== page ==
That doesn’t describe the worlds of Putin and Chinese leader Xi Jinping. As Putin told me on more than one occasion: “You have your logic, we have ours; let’s see who prevails.” And even if Russia or China have superior information-warfare capabilities, releasing classified information shouldn’t be our knee-jerk response.
In this matter, Biden seems to be largely refighting his last war. The catastrophic strategic and operational failure of the United States’ humiliating withdrawal from Afghanistan unnerved his administration — and made Biden look clueless. Contrary to Biden’s repeated assertions that Afghanistan’s government and military could withstand Taliban attacks, they swiftly collapsed. The White House response was contradictory and confused, utterly ineffective in stemming the flood of public criticism.
Seemingly determined to prevent renewed perceptions of incompetence, Biden’s team tried to show that, with Ukraine, unlike in Afghanistan, they were on top of events and knew what Russia was about. Nonetheless, its performance has been spotty and sometimes incautious, including revealing less-than-certain intelligence during the war. Biden had to contradict his advisers’ release of information indicating Putin was poorly briefed by timid subordinates. The administration’s hunger to disclose extended to foreshadowing, inaccurately, North Korean ICBM or nuclear tests before or during Biden’s now-completed Asia trip.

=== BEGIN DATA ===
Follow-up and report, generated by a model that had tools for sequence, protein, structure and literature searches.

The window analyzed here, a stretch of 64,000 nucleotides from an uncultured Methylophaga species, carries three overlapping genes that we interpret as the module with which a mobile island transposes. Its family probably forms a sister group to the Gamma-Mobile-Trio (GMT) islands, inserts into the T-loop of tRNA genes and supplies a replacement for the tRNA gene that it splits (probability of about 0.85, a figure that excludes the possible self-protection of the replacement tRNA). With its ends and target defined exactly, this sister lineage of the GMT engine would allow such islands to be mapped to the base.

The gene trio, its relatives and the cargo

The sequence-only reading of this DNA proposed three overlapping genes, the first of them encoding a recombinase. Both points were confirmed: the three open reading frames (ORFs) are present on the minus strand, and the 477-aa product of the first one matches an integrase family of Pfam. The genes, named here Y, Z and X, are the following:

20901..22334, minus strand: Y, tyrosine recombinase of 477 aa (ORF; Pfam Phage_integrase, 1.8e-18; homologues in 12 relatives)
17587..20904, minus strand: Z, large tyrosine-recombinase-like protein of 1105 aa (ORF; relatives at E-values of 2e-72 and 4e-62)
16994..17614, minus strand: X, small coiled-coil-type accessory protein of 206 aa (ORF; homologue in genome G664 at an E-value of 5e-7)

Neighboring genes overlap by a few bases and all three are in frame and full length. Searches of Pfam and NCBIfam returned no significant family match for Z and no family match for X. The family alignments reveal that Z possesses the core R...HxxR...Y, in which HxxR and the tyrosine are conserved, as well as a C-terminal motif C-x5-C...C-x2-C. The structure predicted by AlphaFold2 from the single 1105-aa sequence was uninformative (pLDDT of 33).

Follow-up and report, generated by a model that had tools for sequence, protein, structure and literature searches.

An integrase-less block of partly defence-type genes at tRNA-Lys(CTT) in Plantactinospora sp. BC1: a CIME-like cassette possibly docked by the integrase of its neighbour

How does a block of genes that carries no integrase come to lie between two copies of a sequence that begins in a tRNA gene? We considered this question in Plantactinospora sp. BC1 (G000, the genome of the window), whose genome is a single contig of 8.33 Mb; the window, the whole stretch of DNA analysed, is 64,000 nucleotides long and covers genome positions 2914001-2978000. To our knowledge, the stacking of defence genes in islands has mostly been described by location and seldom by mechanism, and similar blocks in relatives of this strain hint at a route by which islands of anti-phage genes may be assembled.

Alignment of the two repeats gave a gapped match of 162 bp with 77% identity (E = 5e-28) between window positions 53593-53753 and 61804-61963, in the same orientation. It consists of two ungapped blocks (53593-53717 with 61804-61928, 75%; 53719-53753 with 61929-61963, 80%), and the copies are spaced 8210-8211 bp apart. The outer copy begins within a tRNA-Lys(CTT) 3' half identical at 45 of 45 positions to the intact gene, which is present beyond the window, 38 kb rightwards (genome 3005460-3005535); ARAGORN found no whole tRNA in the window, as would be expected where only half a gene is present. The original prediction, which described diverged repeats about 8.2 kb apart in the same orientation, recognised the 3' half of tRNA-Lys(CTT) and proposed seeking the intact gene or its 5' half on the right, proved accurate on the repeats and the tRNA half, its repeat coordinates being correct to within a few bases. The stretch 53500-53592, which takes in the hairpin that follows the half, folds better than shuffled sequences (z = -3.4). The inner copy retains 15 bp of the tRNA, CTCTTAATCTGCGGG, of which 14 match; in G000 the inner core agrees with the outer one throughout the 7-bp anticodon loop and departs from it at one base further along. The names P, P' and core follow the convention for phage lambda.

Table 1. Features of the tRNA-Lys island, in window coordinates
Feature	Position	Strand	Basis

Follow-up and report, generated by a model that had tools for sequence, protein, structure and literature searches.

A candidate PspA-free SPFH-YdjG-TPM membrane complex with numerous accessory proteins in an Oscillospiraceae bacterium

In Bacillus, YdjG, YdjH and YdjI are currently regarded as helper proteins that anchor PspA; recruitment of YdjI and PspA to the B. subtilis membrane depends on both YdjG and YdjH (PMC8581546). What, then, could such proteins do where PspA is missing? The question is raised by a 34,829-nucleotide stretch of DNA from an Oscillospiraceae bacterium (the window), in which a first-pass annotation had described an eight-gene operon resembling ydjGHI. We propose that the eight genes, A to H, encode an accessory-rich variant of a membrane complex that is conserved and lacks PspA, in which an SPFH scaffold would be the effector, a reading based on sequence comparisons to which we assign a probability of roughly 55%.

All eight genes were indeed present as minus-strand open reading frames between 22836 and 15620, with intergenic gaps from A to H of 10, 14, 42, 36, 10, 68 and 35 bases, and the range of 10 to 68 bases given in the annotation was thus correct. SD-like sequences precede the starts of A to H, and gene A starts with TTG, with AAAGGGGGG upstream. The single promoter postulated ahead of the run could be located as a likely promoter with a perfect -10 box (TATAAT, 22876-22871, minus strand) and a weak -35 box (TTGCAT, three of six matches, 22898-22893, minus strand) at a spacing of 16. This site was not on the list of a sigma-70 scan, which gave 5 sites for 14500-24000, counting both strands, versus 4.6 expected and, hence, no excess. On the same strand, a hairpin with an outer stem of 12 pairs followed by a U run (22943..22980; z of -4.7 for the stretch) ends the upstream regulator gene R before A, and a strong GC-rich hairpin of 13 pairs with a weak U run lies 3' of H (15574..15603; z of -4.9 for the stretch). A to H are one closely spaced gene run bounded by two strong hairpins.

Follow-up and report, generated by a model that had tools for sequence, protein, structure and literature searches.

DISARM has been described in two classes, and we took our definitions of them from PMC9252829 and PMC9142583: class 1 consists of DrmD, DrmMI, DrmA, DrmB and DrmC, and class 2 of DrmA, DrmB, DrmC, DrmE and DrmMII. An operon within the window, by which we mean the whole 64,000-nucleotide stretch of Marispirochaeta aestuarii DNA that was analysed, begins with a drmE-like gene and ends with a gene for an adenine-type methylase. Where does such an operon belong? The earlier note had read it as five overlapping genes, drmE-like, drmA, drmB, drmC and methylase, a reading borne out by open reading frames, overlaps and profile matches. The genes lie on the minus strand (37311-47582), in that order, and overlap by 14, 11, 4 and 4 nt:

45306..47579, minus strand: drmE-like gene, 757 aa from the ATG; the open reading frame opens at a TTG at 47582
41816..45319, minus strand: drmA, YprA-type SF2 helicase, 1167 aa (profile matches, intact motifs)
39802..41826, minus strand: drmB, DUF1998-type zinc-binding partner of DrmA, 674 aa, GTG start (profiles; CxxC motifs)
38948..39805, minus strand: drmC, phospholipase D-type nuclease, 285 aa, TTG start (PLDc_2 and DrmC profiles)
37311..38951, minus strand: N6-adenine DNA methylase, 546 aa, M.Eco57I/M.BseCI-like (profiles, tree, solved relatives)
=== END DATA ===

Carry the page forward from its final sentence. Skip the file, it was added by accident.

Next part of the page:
Even after Biden tried reining in “leaks” about the war in Ukraine, which amounted to bureaucratic boasts about agency successes, the deluge continued.
Most damaging were articles on U.S. information-sharing with Ukraine, which by explaining what was impermissible, told Russia exactly what we were sharing with Kyiv. Providing “kill chain” intelligence (information that directly facilitates attacking enemy forces) to a foreign military can place the United States in or very near combatant status. Publicly discussing it is risky business, especially considering Putin’s repeated threats, and Biden’s evident fear of doing anything possibly deemed “escalatory,” such as supplying Ukraine with Polish MiGs. Some “leaks” about such intelligence sharing indeed looked “defensive,” authorized anonymous conversations intended to protect the United States, but which were accidentally quite revealing.